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Scientists discover new type of cosmic explosion called ‘micronova’

The phenomenon was seen on the surface of three white dwarfs - remnants of dead suns - as they fed in each case on a companion.

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This artist’s impression shows a two-star system where micronovae may occur. (ESO via SWNS)

By Mark Waghorn via SWNS

An explosion powerful enough to destroy 3.5 billion Great Pyramids of Giza has been witnessed by astronomers.

The new type of thermonuclear blast - named 'micronovae' - sheds fresh light on the eruptions of stars.

The phenomenon was seen on the surface of three white dwarfs - remnants of dead suns - as they fed in each case on a companion.

They last for just a few hours - rapidly burning through a huge amount of stellar material.

The events could be commonplace throughout the universe - but are extremely difficult to observe.

An international team stumbled on them when noticing a brief, bright, flash of light while analyzing data from NASA's Transiting Exoplanet Survey Satellite (TESS).

Two were from already known white dwarfs, but the third needed more observations with an instrument on the European Southern Observatory's (ESO) Very Large Telescope (VLT).

Lead author Dr. Simone Scaringi, of Durham University, said: "We have discovered and identified for the first time what we are calling a micronova.

"The phenomenon challenges our understanding of how thermonuclear explosions in stars occur.

"We thought we knew this, but this discovery proposes a totally new way to achieve them.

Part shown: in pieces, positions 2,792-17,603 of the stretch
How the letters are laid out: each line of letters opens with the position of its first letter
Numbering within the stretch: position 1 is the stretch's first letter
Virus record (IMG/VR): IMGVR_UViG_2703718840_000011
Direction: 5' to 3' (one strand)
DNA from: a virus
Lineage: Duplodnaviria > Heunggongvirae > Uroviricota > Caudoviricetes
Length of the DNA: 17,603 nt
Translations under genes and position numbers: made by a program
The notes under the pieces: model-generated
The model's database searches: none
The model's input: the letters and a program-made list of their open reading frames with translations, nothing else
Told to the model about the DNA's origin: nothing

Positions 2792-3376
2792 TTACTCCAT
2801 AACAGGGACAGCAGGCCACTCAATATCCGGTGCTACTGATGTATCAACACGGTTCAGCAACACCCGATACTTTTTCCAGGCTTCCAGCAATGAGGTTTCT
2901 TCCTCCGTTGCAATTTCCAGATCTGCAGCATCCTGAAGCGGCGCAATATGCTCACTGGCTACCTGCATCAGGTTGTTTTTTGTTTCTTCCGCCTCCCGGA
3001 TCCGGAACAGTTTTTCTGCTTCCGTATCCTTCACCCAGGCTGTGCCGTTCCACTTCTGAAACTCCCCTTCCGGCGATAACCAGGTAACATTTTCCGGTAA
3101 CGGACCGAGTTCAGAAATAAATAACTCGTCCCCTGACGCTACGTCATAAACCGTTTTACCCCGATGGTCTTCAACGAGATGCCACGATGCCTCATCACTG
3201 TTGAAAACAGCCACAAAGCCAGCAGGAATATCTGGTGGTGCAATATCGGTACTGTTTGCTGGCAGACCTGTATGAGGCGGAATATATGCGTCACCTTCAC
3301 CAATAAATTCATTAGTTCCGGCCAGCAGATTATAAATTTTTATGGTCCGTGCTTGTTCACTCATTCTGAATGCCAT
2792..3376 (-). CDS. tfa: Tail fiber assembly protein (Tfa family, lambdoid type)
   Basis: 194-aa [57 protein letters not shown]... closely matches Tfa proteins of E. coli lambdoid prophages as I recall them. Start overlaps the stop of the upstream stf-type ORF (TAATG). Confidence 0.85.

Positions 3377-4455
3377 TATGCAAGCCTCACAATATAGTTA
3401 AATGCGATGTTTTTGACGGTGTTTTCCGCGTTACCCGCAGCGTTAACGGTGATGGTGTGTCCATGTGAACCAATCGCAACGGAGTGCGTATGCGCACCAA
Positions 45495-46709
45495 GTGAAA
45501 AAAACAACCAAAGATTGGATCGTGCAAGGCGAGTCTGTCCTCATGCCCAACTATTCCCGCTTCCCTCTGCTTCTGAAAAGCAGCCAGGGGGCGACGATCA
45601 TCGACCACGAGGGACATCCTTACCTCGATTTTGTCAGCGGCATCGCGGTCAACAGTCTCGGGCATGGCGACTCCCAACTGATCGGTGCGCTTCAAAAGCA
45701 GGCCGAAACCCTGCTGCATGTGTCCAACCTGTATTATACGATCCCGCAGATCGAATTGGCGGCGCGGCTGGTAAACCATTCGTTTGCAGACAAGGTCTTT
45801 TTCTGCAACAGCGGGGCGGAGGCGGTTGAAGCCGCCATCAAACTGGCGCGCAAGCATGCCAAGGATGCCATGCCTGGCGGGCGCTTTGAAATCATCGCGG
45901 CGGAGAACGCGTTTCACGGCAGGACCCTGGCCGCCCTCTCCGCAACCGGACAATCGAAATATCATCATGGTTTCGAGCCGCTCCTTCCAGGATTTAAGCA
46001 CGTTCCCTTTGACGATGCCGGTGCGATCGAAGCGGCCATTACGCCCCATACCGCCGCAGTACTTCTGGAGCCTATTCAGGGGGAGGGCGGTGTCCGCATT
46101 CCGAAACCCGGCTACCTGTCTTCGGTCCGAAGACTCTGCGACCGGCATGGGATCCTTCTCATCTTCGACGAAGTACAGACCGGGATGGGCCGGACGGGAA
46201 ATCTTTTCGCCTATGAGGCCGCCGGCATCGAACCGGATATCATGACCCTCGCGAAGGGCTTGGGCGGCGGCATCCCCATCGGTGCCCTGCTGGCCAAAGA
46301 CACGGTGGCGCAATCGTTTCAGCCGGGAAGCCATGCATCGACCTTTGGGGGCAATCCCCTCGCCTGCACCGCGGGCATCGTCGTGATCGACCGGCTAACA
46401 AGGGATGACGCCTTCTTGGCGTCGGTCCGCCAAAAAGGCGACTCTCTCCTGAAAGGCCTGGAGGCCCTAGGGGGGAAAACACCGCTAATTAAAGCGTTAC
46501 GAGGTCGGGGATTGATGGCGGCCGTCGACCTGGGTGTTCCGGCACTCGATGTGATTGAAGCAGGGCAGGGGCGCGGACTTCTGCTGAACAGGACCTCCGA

"It just goes to show how dynamic the universe is. These events may actually be quite common, but because they are so fast they are difficult to catch in action."

Despite their immense force, micronovae are small on astronomical scales compared to novae and supernovae - which are extremely bright and have been known about for centuries.

There are numerous accounts across the history of 'new stars' being seen by astronomers which we now call novae.

In novae this thermonuclear explosion occurs over the entire surface. The intensely bright light can be seen for weeks.

Some supernovas, on the other hand, are so energetic they burn the entire white dwarf.

Both types occur on white dwarfs with a mass similar to that of our Sun - but as small as the Earth in size.

White dwarfs can steal material, mostly hydrogen, from their companion stars if they are close enough.

As the hydrogen falls on to the very hot surface of the dwarf star its atoms fuse into helium in an explosive fashion.

In novae this thermonuclear explosion occurs over the entire surface and the intensely bright light from this blast can be seen for weeks.

This artist’s impression shows a two-star system, with a white dwarf (in the foreground) and a companion star (in the background), where micronovae may occur. (ESO)

Micronovae are similar explosions that are smaller in scale and faster - lasting several hours.

They occur on some white dwarfs with strong magnetic fields which funnel material towards the star's magnetic poles.

Co-author Professor Paul Groot, of Radboud University in the Netherlands, said: "For the first time, we have now seen that hydrogen fusion can also happen in a localized way.

"The hydrogen fuel can be contained at the base of the magnetic poles of some white dwarfs, so that fusion only happens at these magnetic poles.

"This leads to micro-fusion bombs going off, which have the strength of about one-millionth of a nova explosion, hence the name 'micronova'."

The researchers now want to capture more of these elusive events which will require large-scale surveys and quick follow-up measurements.

Dr. Scaringi said: "Rapid response from telescopes such as the VLT or ESO's New Technology Telescope and the suite of available instruments will allow us to truly unravel what these mysterious micronovae are."

The study in Nature was funded by the UK government's Science and Technology Facilities Council.

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